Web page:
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Trio charged with stealing identities for as many as 130 million credit cards

A federal grand jury charged a trio of hackers with stealing data related to more than 130 million credit and debit cards. It’s another reminder that computer security is broken and it still hasn’t been fixed.

The three people were linked to the hacking of credit card payment processing firm Heartland Payment Systems last year. The same people were also allegedly behind a bunch of high-profile data thefts at places such as Hannaford Brothers and 7-Eleven.

One of the three is Albert Gonzalez, a 28-year-old Miami man who was indicted last year for his alleged theft of identities from TJX, which included credit card numbers at TJ Maxx and other big retailers. He is in custody. Two other unnamed hackers in the indictment are Russian.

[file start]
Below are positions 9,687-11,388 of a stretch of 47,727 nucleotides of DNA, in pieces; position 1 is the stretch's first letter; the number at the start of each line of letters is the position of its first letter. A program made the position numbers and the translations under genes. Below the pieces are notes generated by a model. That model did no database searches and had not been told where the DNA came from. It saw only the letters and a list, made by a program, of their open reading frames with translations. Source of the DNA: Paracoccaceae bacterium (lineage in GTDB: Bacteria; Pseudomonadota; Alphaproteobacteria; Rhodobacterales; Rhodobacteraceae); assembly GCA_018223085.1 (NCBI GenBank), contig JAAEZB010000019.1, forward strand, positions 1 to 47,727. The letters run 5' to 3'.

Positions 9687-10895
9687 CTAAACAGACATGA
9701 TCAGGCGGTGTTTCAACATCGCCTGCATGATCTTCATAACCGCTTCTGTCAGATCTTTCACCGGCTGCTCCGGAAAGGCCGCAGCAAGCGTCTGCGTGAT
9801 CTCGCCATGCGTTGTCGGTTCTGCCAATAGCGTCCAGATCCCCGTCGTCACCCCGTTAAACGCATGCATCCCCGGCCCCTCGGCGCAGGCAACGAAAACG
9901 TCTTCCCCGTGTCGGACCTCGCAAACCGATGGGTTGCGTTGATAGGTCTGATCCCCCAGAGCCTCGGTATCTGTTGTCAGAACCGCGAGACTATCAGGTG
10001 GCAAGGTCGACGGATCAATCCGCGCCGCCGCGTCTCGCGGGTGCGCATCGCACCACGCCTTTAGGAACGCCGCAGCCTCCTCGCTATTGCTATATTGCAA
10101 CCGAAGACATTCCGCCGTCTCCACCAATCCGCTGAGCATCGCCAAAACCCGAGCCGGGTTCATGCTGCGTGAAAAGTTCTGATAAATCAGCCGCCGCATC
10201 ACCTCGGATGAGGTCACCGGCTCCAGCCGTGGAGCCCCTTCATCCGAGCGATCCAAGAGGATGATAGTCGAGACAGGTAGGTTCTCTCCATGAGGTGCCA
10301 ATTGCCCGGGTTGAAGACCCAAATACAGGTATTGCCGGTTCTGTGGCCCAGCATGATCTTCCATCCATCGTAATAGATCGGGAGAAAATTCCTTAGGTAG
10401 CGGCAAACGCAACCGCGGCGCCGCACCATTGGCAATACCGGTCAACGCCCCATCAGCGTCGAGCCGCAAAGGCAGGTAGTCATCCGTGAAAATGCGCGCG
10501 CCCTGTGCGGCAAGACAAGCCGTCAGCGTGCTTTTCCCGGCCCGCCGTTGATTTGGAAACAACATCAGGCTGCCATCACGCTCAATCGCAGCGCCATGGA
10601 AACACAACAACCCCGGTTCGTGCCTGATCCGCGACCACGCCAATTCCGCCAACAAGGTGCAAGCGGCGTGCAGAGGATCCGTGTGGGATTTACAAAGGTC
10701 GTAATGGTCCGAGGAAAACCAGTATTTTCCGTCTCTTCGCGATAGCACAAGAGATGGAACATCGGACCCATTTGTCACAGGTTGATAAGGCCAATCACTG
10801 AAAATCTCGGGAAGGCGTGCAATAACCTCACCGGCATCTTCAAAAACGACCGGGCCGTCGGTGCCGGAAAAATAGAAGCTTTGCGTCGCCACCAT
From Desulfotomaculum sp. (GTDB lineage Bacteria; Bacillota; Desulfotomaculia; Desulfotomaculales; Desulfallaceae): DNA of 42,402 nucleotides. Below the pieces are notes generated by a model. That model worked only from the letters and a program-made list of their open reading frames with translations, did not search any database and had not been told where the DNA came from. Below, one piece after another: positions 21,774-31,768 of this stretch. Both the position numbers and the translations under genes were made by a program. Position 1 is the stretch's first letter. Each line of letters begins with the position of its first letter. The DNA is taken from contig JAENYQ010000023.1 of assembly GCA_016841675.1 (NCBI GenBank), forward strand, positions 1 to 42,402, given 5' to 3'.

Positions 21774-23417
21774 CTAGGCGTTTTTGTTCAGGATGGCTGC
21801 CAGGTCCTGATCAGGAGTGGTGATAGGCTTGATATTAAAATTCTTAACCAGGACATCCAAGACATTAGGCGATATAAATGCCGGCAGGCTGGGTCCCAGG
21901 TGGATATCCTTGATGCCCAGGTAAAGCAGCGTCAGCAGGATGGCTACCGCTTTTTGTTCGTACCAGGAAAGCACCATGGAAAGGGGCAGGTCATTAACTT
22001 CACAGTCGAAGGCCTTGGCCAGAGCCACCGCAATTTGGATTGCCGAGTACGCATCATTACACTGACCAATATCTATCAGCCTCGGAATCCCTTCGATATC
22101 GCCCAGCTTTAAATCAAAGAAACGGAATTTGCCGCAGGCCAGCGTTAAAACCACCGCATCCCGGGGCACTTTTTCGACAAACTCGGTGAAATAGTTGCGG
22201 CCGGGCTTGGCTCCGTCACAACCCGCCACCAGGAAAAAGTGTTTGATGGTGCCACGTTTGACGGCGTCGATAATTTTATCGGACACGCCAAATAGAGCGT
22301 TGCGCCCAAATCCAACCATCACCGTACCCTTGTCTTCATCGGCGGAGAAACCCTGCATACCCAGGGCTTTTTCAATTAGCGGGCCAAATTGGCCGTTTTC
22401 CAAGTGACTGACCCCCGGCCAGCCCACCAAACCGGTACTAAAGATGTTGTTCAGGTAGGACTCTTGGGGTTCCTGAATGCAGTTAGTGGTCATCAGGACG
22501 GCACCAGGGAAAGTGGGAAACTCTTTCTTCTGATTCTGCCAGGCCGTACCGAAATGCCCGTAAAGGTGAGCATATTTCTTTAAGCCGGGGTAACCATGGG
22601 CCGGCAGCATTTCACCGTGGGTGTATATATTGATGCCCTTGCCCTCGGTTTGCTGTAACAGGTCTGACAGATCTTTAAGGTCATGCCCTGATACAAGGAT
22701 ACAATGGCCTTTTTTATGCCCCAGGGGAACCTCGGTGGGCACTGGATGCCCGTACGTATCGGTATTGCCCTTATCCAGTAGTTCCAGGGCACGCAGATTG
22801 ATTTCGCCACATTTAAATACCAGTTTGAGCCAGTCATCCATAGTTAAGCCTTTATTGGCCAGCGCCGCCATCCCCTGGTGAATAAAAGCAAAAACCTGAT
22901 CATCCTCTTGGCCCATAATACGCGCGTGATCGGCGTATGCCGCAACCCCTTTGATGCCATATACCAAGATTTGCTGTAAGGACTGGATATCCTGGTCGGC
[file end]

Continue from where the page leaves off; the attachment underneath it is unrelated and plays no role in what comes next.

The charges include conspiracy to gain unauthorized access to computers, to commit fraud in connection with computers, and to damage computers, and conspiracy to commit wire fraud. The defendants each face up to 35 years in prison and millions in fines.

Heartland, based in Princeton, N.J., was processing 100 million payments for 250,000 businesses each month when the company was hacked last summer. It hasn’t disclosed how many accounts were breached, but as many as 650 financial institutions have been affected, according to BankInfoSecurity.com. The company said in a filing that the data breach cost it $32 million.

This case has been widely publicized, but it really shouldn’t surprise us at all, given the sorry state of the security ecosystem. Have we learned anything from it? I would hazard a guess that the same thing could be done today.

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